CAUTION: Contents May be Graphic (aka Reality in Teen Fiction)

How much reality is too much? And if it is FICTION, how real could it be?

There is some pretty graphic reality fiction on the YA shelves today – detailed descriptions and literary depictions that are shocking and frightening.  I think in any discussion about intellectual freedom in the library and the protections we all must be cognizant of in our services to youth, particularly teens and young adult patrons. We must be able to recognize quality materials even when the contents may be personally repugnant to us. As professionals, we must always remember that the library is a repository of our community and culture – a collective of our world really. And that means the happy endings as well as the tragedies must be found there. The scary things in the world, whether imagined or real, must be represented. We must find the safest and most thoughtful way to curate those things that may have the most profound impacts, but we must fairly and equitably develop our collections with great intent and careful purpose.

The debate rages today, as it has since The Outsiders appeared on shelves in 1967, as to whether it is beneficial or even necessary for teens to read fiction that is “too real.” Topics that are uncomfortable are precisely the things teens want to know about – and read about. But these same topics (drug and alcohol abuse, incest, violence, sexual assault, neglect, homophobia, LGBTQ issues, etc.) are part of real life and always have been. The only thing tat has changed is the force with which these topics are pushing through into the YA collections on our shelves today. More than ever, very extreme behaviors that are disturbing such as eating disorders, self-mutilation, suicide are frequent topics for teen books and may be seen either as validation of the teen experience or a possible threat to some of our most vulnerable adolescent charges who may be influenced or impacted negatively by these topics and images.

As librarians working with youth, we must always be mindful of our duties to provide the best possible materials with the greatest variety available. It is critical that we forge relationships with our patrons and that we continually examine our library contents with a critical eye and familiarize ourselves with the items on our shelves. We have the added duty to be always mindful of the strengths and vulnerabilities of the youth we serve and remain sensitive to our communities at large.

Reality in teen books I think is a moving target. Judy Blume was too explicit and graphic in 1970; today, Lauren Myracle is showing a teen reality that none of us wants to believe truly exists today. The reality is that teens are only teens in the moment and their reality is the only one that matters to them. I think it is critical for us as librarians to meet them where they are in their own lives – in their realities, one patron at a time.


Wall Street Journal – “Darkness Too Visible: Contemporary fiction for teens is rife with explicit abuse, violence and depravity. Why is this considered a good idea?”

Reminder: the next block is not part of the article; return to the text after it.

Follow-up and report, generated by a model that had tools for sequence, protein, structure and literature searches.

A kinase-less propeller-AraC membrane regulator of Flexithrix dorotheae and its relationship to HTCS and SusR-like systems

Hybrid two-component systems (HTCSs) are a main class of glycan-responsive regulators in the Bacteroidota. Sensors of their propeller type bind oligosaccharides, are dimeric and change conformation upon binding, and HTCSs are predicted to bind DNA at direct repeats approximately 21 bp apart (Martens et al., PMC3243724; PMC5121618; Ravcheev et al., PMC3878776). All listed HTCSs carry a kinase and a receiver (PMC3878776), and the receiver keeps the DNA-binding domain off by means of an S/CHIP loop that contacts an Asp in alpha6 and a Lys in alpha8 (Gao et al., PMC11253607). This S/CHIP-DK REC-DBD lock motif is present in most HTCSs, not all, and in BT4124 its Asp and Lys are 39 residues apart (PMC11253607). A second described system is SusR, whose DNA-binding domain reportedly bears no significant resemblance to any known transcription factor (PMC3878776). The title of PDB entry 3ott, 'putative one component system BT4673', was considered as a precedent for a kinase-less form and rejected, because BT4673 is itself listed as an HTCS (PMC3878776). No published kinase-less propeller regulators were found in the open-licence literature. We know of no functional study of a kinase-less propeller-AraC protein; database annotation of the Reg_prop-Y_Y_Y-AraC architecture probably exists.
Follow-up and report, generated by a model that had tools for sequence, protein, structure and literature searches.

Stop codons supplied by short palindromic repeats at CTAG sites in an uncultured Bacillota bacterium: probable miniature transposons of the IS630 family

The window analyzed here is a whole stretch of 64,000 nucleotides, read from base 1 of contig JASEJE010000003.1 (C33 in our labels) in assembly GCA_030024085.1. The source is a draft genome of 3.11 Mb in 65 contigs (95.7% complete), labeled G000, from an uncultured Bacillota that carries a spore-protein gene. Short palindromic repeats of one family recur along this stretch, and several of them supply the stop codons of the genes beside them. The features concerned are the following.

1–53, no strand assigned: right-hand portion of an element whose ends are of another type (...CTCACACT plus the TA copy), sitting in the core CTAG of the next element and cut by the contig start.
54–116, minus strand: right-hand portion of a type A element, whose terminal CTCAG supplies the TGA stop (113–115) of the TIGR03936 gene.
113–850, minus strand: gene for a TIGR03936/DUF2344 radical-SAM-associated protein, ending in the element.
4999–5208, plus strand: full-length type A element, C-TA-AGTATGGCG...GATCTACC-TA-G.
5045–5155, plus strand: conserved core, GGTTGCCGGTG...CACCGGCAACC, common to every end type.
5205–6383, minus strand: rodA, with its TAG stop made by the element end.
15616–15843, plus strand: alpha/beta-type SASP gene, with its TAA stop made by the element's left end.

By Meghan Cox Gurdon, June 4, 2011
http://online.wsj.com/articles/SB10001424052702303657404576357622592697038

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Bookopolis = “Goodreads for kids”

LibraryLady1000

Bookopolis – a social gathering place for kids to share book reviews and recommendations, earn digital badges for sharing their opinions about what they read, expand their own reading based on other recommendations, and find out more about the books they love as well as those they WILL love?! What could be better? About.

For teachers looking for ways to get kids to read more and collaborate, communicate and critically think about it – I highly recommend using Bookopolis with your students. It is a site for kids – grown-ups stay out (mostly – teachers can use the dashboard to see how things are going).

You just have to see it to believe it.

http://bookopolis.com/#/

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Cool Tool | Tynker

OK – I am no programmer but this tool is amazing and it does exactly what it says it will: allows students to perform PBL tasks with minimal prior experience and build on knowledge they develop as they move through the courses. Oh, and it’s fun! imagine that – lessons that keep kids engaged and actually make them smile at the same time. STEM – gotta love it!

edtechdigest.com

CREDIT TynkerProgramming is the new literacy, the people behind this company believe, and the ability to program is what separates those who simply have an idea from those who make their ideas a reality. Tynker is a new online platform that easily and successfully teaches students introductory computer programming, so they can learn how to code through the activities they already love: games and stories. Tynker lessons not only make it easy for students to understand abstract programming concepts, but they learn how to apply concepts to different projects, games and scenarios that they enjoy. They can use their coding skills to easily create games and quizzes, and animations that explain math concepts, or complex science topics. With this curriculum, students learn the fundamentals of programming language without the frustrations of traditional syntax. These benefits also meet many of the criteria demanded by today’s rigorous standards, and kids are also learning…

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